Where to Go for your Wedding Registry
Worried about being bombarded with toasters and soup tureens when the wedding gifts start to roll in? Don't be. Here we've broken down the registry process so you will learn to master the game of gift-getting. Every couple's needs are different, so we've got some sneaky tips to help you customize your wish list. For the domestically challenged, we've even put together a handy “cheat sheet" of terms so you'll look like pros -- now you'll really know a highball from a double old-fashioned! Here's the lowdown.
You'll probably register at a minimum of one department store for its wide selection of tableware, kitchenware, and bedding. You'll usually work with a bridal consultant to help you include the full range of items.
Specialty store/national retailer
These retailers may have a more eclectic selection of merchandise often presented in a more interactive environment of displays and registry kiosks. You will probably select your items independently, and may be given a scanning gun to point at SKUs on merchandise -- once you zap something, it's on your list.
Most brick-and-mortar stores offer this service for the sheer convenience and added value. You'll also find online retailers with bridal registries. You should have at least one online registry for guests who wish to purchase gifts via the Internet. The bonus is that you can also manage your registry when that early a.m. wedding-anxiety attack strikes.
Hometown specialty store
If you prefer the more personal experience that a store in your hometown might offer (for guiding you in the selection of your china pattern and bed linens, for example), you might want to set up a registry there. The merchandise selections may be narrower and the shop may not offer an online registry, but if you're hosting a wedding in your hometown, this might be a good bet for the service and convenience.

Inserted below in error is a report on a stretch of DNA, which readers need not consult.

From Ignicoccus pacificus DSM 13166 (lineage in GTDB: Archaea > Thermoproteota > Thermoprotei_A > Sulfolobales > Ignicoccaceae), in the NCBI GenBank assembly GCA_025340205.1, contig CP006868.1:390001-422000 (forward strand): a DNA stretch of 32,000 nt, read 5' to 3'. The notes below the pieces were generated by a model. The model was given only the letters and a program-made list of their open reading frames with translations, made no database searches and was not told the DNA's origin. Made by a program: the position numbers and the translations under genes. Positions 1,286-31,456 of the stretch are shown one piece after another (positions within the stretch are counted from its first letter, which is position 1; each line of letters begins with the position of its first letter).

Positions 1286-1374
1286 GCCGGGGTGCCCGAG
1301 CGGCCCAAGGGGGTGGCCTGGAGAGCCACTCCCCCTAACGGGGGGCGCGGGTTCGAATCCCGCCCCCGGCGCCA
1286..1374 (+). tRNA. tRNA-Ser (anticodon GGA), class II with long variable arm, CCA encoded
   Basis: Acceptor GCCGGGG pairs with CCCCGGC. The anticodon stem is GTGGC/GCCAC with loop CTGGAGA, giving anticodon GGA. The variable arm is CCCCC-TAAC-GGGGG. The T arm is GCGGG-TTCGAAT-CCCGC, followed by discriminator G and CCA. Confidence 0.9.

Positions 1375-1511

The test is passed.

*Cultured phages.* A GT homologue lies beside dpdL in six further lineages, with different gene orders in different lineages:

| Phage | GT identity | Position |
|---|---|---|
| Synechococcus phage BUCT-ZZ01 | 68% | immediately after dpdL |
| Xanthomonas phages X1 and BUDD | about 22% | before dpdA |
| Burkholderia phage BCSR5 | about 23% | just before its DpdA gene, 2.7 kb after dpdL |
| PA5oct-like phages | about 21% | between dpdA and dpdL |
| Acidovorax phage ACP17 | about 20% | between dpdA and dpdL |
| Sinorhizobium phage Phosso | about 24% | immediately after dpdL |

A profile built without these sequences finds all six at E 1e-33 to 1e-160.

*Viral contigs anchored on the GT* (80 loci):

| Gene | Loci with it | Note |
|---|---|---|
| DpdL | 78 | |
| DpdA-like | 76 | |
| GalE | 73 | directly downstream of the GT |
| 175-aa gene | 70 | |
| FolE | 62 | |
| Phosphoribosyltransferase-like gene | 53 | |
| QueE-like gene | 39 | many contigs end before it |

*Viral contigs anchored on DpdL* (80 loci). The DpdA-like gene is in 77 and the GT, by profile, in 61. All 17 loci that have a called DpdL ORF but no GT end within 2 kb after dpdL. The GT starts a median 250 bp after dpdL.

Include at least one of these alternative registry options on your list to mix things up and ensure fun gifts. We're talking about stores like The Home Depot, The Sharper Image, and REI, where you can go beyond conventional gifts (like cookware) to more innovative ones, like camping gear.
Registry Cheat Sheet
School yourself on these household terms so you'll be an expert (or at least sound like one).
Anodized aluminum: The second-best heat conductor for cookware (copper is best).
Bone china: Fine china that gets its strength (yes, it is sturdy stuff) and bright white color from bone ash.
Double old-fashioned: A short, wide glass for drinks on the rocks.
Egyptian cotton: Exceptionally long cotton fibers that produce incredibly smooth and durable sheets.
Euro sham: An oversized, square decorative cover for a bed pillow.
Highball: A tall, narrow drinking glass for cocktails like Tom Collins and mint juleps.
Iced beverage: A stemmed glass with a much deeper bowl than a regular wineglass.
Matelasse: A woven fabric with a quilted appearance that is often used for bedspreads.
Percale: A smooth, tightly woven cloth with a thread-count of at least 180.
Pilsner: A tall, footed glass used for beer; it's narrow at the base and broad at the top.
Porcelain: An incredibly strong type of china, it has a thin glasslike body.
Silver plate: Similar in body to sterling silver but less expensive, silver plate is pure silver that's bonded to a base metal.
Tang: The part of the knife blade that extends into the handle. A good quality knife will have a full tang.